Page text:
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  • W. Connor Smith

Locked up and left to die: Addiction in America’s prisons

Updated: Oct 19, 2023

Mass incarceration is an institution as American as apple pie. In 2019, roughly 2.1 million people were incarcerated in the United States. Between local, state and federal prisons, 810 per 100,000 adults were incarcerated in America. The United States incarcerates more of its citizens per capita than any other country in the world. While the raw numbers are startling on their own, they hide a harsh reality for incarcerated persons: they rarely receive help for addiction or mental illness while in prison. Further, they are often left without the necessary tools to avoid relapse after their release. The National Institutes of Health estimate 65% of the United States prison population currently suffers from a substance use disorder. Additionally, 20% of incarcerated persons were under the influence of a controlled substance at the time of their crime but did not meet the criteria for a substance use disorder.

Once incarcerated, those inmates suffering from addiction receive little to no treatment for their substance abuse disorder, driving them further into addiction. According to Northeastern University law professor Leo Beletsky, “‘people are bored and miserable and isolated, often self-medicating for mental and physical health needs that usually go unmet.’” The Partnership to End Addiction further states that, “[o]nly 11% of all inmates with addiction received any treatment during their incarceration.” When baked into a traditionally retributive justice system that chooses to forget incarcerated persons after sentencing, these factors become deadly. A study conducted by the Prison Policy Initiative from 2001 to 2018 highlights the lethality of addiction in prisons, showing a 611% increase in drug and alcohol intoxication deaths during that time. Few states offer comprehensive treatment plans for people suffering from addiction while in prison, with 28 states offering no medication to incarcerated persons with opioid use disorders outside limited pilot programs.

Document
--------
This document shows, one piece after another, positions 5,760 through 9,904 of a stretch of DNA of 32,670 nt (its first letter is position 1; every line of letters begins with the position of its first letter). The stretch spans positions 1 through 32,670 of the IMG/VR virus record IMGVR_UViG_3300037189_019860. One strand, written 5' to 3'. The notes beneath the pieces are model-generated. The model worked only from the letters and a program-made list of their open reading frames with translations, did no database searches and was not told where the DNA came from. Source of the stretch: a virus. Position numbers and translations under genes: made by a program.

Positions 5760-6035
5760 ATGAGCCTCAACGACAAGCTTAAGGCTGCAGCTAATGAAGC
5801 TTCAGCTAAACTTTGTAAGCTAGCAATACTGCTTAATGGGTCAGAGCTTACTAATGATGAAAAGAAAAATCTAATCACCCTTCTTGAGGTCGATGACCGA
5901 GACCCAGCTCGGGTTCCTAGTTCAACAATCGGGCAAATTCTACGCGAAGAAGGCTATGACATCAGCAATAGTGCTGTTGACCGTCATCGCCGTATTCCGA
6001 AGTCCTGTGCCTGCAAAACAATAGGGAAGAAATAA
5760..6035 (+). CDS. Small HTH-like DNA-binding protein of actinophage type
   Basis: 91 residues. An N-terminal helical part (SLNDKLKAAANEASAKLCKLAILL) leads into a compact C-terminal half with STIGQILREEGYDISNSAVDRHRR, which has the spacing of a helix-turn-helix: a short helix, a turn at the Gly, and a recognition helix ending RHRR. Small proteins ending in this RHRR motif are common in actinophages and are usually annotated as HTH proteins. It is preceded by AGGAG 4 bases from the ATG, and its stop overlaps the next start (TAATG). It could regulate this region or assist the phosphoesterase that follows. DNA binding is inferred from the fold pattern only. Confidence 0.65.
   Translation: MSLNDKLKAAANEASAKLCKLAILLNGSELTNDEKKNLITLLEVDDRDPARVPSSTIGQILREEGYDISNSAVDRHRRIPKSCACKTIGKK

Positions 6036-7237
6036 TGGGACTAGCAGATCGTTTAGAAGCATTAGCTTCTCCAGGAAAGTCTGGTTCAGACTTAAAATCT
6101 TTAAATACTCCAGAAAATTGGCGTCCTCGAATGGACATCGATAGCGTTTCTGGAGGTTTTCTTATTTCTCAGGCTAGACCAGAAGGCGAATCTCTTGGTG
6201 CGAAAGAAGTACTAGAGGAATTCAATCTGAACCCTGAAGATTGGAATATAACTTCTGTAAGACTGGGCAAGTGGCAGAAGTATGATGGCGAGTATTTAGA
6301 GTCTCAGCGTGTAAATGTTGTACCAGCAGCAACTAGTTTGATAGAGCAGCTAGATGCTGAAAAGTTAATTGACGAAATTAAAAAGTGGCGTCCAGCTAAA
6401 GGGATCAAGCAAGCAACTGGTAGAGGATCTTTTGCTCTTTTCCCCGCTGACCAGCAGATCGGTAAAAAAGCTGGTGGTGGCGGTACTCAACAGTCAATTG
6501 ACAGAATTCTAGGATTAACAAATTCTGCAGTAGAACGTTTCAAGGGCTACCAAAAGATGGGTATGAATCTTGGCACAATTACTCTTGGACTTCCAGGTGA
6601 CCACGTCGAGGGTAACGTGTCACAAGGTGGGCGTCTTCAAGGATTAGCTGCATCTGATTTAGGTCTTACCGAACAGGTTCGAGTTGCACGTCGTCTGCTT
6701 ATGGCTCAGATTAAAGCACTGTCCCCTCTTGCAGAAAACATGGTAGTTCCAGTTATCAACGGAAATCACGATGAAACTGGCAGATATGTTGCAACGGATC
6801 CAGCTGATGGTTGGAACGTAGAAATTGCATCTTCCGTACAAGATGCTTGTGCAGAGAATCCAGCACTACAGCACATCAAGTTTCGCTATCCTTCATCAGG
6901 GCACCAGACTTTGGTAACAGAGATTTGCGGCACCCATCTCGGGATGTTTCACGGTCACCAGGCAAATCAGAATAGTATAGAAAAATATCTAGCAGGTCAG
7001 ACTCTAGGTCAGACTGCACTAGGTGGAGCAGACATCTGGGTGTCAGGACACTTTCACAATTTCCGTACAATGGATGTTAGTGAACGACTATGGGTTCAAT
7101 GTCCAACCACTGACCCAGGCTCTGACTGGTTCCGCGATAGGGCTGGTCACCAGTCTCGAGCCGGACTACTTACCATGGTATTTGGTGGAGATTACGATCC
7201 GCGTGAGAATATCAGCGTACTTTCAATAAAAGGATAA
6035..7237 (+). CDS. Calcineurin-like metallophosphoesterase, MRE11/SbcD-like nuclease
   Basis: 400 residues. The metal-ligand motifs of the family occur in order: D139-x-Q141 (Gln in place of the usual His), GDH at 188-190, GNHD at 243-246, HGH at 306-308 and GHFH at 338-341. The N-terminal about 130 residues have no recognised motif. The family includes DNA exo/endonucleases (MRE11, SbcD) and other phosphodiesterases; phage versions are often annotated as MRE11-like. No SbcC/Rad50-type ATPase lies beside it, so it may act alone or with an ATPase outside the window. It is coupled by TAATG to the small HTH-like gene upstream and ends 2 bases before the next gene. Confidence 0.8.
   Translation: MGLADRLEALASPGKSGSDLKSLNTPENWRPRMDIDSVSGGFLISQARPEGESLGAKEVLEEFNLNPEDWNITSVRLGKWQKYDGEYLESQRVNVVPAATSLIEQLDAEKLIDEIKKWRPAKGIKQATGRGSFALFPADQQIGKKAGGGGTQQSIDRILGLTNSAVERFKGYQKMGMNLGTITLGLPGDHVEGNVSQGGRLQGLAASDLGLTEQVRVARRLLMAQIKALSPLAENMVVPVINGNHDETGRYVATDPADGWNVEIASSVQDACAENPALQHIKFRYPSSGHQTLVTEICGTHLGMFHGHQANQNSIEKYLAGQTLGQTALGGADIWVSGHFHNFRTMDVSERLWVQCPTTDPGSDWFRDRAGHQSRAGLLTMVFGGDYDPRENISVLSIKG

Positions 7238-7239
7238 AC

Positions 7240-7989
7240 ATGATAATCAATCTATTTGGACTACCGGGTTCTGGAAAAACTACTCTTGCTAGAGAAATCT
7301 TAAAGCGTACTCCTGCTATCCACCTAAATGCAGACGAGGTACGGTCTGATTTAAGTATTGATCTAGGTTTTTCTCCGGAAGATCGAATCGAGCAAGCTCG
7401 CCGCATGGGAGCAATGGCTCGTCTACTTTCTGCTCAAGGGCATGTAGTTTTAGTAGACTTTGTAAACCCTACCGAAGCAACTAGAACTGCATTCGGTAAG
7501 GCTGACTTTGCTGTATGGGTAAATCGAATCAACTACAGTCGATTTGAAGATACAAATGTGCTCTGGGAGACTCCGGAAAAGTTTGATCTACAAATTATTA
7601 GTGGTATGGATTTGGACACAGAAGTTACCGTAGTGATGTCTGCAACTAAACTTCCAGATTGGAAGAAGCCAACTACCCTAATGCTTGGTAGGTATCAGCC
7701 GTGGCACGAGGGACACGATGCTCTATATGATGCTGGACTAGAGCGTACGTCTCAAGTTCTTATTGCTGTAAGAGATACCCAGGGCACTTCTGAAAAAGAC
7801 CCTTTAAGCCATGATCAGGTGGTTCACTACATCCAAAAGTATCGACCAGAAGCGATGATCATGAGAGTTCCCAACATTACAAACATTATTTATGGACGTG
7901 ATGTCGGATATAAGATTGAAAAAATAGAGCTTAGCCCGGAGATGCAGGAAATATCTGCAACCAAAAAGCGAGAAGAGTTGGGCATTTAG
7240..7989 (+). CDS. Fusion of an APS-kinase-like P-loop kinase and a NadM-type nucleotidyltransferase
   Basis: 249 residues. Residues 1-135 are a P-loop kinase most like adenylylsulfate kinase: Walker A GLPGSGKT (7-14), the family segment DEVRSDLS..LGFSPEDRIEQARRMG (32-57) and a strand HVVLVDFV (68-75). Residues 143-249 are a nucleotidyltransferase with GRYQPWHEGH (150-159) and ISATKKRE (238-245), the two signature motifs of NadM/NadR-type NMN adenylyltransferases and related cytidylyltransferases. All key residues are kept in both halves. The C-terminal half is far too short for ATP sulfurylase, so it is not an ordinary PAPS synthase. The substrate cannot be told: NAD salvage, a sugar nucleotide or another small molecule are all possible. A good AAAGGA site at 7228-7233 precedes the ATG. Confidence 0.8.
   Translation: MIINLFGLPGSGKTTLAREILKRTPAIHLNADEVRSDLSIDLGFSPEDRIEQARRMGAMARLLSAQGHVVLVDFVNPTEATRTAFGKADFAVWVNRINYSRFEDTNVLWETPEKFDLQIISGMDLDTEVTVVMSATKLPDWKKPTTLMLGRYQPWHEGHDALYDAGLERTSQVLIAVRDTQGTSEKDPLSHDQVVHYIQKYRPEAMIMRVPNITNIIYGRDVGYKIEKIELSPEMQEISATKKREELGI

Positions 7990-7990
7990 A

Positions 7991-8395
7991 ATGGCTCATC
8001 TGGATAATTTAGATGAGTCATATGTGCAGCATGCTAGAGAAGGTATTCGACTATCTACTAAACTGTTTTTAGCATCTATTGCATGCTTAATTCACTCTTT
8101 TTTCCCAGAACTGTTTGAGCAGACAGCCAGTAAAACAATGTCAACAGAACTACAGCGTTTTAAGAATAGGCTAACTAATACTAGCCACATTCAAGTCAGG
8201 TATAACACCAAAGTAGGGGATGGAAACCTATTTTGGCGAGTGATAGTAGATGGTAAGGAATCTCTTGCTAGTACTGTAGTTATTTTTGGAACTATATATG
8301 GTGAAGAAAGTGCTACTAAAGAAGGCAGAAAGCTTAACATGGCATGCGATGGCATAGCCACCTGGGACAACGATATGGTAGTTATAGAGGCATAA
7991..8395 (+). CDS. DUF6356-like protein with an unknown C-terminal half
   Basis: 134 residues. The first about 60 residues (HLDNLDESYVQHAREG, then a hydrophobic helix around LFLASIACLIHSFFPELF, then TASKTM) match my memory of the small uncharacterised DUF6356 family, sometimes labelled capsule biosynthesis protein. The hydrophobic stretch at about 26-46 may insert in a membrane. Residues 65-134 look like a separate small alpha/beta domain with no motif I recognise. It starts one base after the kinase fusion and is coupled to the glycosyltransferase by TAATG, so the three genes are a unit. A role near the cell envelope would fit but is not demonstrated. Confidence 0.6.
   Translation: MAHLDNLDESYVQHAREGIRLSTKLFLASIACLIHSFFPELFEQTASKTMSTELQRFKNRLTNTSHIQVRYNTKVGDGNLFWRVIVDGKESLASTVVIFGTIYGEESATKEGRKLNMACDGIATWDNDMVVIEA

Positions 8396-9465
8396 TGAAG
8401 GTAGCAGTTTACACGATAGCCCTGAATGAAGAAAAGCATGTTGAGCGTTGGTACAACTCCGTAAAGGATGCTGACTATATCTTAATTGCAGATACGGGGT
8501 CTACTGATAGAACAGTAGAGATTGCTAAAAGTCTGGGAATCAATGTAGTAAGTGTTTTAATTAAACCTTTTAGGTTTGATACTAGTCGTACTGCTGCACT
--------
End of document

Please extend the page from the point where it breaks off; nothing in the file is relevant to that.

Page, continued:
It is not as if prison systems do not have money to spend; they simply do not devote resources to addiction treatments. The Bureau of Justice Statistics estimates the United States spends $81 billion per year on incarceration. So why the massive increase in alcohol and drug intoxication deaths among incarcerated persons? The call could be coming from inside the house. Corrections facilities and their officers have become a part of the problem. A survey of local news coverage by the Prison Policy Initiative showed that in 2018 alone, 20 corrections officers from a dozen separate jails were arrested, indicted or convicted of charges of smuggling or planning to smuggle contraband. The COVID-19 pandemic provided a startling and unintentional case study for drug smuggling in Virginia’s prisons. When Virginia halted all in-person visitation rights for over a year due to the pandemic, positive drug tests went up. Shawn Weneta, formerly incarcerated in Virginia for over a decade, said, “[t]he reality is and always has been that the overwhelming majority of contraband that enters prisons comes through staff[.] ... It was just a known fact, part of the everyday thing – like speeding on the highway.”

Surviving incarceration as a person suffering from addiction is not the end of the road. Formerly incarcerated persons have an elevated risk of fatal overdose compared to the general population. A study from The New England Journal of Medicine found that recently released individuals are 129 times more likely to have a fatal overdose in the first two weeks after their release. No one should have to struggle with addiction alone. The time for better counseling and treatment programs for incarcerated persons is long overdue.


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